4. Place dough in a greased deep container. Turn once to coat the dough, cover with plastic wrap and let rise until doubled in bulk 1-1.1/2 hours.
  1. To form bagels: gently deflate the dough. Turn out onto a lightly floured surface and divide into quarters. Then each quarter into 6-8 equal portions. Shape each portion into a smooth round. Flatten with your palm and poke a floured finger through the middle of the ball. Stretch the hole with your finger to make it about 1 inch in diameter. Spin the dough around your finger. The hole will shrink slightly when you stop. Form all bagels.
    They will need no further rise at this point.

  2. 20 minutes before baking, preheat the oven to 425°F (220°C). Grease or parchment line 2 baking sheets. Meanwhile bring a large pot (3-4 quarts) of water to a boil. Add 2tbs of salt or sugar to the boiling water depending on the flavor you want the crust to have. Reduce the heat to maintain a gentle low boil.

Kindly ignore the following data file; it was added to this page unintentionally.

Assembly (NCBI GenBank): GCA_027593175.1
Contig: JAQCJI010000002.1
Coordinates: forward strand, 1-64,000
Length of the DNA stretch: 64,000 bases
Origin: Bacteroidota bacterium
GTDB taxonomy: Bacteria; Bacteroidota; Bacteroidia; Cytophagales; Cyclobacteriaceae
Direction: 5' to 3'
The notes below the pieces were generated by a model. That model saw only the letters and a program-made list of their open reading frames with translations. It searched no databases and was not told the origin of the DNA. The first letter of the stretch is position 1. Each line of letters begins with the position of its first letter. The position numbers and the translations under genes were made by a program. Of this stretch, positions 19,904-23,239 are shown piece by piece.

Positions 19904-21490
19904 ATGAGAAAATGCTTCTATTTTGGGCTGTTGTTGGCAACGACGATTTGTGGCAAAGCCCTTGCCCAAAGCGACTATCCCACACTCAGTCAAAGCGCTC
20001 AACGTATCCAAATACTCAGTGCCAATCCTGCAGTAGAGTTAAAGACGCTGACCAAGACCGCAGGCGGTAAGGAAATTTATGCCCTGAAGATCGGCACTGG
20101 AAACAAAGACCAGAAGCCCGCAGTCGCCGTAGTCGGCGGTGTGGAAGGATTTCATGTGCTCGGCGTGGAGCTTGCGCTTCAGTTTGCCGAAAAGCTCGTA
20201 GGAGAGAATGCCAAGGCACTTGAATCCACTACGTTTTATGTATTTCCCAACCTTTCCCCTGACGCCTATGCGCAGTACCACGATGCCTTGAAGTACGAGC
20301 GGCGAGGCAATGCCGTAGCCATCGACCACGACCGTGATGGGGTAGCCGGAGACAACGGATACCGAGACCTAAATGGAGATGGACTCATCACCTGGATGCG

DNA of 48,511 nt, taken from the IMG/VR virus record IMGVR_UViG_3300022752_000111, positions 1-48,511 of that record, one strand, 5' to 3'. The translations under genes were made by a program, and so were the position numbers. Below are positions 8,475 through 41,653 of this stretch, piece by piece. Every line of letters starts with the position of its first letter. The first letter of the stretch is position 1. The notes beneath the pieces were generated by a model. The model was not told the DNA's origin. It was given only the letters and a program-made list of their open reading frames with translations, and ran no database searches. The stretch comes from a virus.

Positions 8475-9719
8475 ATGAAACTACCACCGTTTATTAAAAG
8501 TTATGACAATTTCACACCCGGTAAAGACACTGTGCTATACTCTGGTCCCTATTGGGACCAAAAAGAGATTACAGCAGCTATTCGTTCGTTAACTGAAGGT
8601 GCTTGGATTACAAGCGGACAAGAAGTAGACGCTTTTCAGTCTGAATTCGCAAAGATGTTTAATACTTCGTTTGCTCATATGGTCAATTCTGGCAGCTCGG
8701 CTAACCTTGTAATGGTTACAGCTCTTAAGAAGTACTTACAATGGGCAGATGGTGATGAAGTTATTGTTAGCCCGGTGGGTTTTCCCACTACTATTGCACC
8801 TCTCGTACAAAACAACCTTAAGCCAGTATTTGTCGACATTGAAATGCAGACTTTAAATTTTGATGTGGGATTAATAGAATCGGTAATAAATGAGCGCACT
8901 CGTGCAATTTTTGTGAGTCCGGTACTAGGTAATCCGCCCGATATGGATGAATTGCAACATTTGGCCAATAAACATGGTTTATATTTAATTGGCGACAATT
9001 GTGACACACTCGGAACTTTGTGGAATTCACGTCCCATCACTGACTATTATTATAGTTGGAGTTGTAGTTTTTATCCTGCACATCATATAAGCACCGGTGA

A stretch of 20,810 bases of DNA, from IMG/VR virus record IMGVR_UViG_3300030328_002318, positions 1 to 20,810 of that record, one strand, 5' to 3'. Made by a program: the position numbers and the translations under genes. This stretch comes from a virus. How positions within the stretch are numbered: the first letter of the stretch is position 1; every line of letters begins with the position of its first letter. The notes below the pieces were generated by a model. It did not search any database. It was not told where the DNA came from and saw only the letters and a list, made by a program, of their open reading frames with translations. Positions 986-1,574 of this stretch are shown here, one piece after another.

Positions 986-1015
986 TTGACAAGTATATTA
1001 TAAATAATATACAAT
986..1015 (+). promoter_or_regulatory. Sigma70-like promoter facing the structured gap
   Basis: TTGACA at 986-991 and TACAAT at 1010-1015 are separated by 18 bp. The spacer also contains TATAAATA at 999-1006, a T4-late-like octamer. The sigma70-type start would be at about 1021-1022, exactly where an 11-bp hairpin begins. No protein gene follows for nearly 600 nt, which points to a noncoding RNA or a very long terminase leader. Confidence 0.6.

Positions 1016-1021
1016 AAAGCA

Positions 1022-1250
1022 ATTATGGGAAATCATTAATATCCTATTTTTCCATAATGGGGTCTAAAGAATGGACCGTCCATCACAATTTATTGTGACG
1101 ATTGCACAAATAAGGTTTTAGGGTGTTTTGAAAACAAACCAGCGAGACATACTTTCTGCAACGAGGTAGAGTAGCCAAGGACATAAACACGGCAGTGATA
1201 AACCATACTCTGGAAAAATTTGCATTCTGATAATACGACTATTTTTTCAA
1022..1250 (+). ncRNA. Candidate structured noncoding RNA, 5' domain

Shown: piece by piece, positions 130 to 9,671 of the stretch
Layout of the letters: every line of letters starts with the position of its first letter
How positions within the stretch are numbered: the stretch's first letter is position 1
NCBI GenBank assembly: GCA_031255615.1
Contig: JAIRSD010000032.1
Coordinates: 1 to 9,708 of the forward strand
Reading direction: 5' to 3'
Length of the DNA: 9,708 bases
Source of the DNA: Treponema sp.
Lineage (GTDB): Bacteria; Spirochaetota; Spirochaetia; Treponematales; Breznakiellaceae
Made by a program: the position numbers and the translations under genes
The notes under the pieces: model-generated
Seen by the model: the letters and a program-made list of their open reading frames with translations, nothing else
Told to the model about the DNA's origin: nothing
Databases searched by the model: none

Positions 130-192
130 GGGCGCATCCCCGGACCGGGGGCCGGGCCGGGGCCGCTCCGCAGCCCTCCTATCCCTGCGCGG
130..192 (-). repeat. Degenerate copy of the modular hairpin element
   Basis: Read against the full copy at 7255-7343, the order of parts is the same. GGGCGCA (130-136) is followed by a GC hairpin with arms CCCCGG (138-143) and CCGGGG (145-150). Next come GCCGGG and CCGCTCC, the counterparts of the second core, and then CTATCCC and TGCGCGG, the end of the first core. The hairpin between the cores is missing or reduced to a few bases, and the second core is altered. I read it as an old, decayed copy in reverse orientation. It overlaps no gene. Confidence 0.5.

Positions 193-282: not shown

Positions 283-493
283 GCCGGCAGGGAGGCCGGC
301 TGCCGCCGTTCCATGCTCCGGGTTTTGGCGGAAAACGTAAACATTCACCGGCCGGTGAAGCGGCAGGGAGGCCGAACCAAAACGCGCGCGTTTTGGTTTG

3. With a slotted spatula, lower 3-4 bagels at a time into the gently boiling water. They will drop to the bottom and then rise to the surface. As they come to the surface, turn each bagel and boil it 3 minutes on the other side. This goes very quickly, if you are making the entire batch of bagels, use a second pot of boiling water.
  4. Remove the bagels from the boiling water with a slotted spoon and place each 1 inch apart on the baking sheets. When all the bagels have been boiled, brush with the glaze and sprinkle with the seeds if desired. Place the baking sheet in the oven and bake for 25-30 minutes, or until deep golden. Transfer the bagels immediately to a cooling rack.
  5. To form and bake a bagel loaf: In step 5  turn the dough out onto a lightly floured surface and divide into 3 equal portions. For into rectangular loaves and place in 3 greased 9-by-5 loaf pan. Cover loosely with plastic wrap and let rise at room temperature until just level with the tops of the pans. (These loaves will rise a lot in the oven) about 40 minutes.
  6. 20 minutes before baking preheat the oven to 375°F (190°C)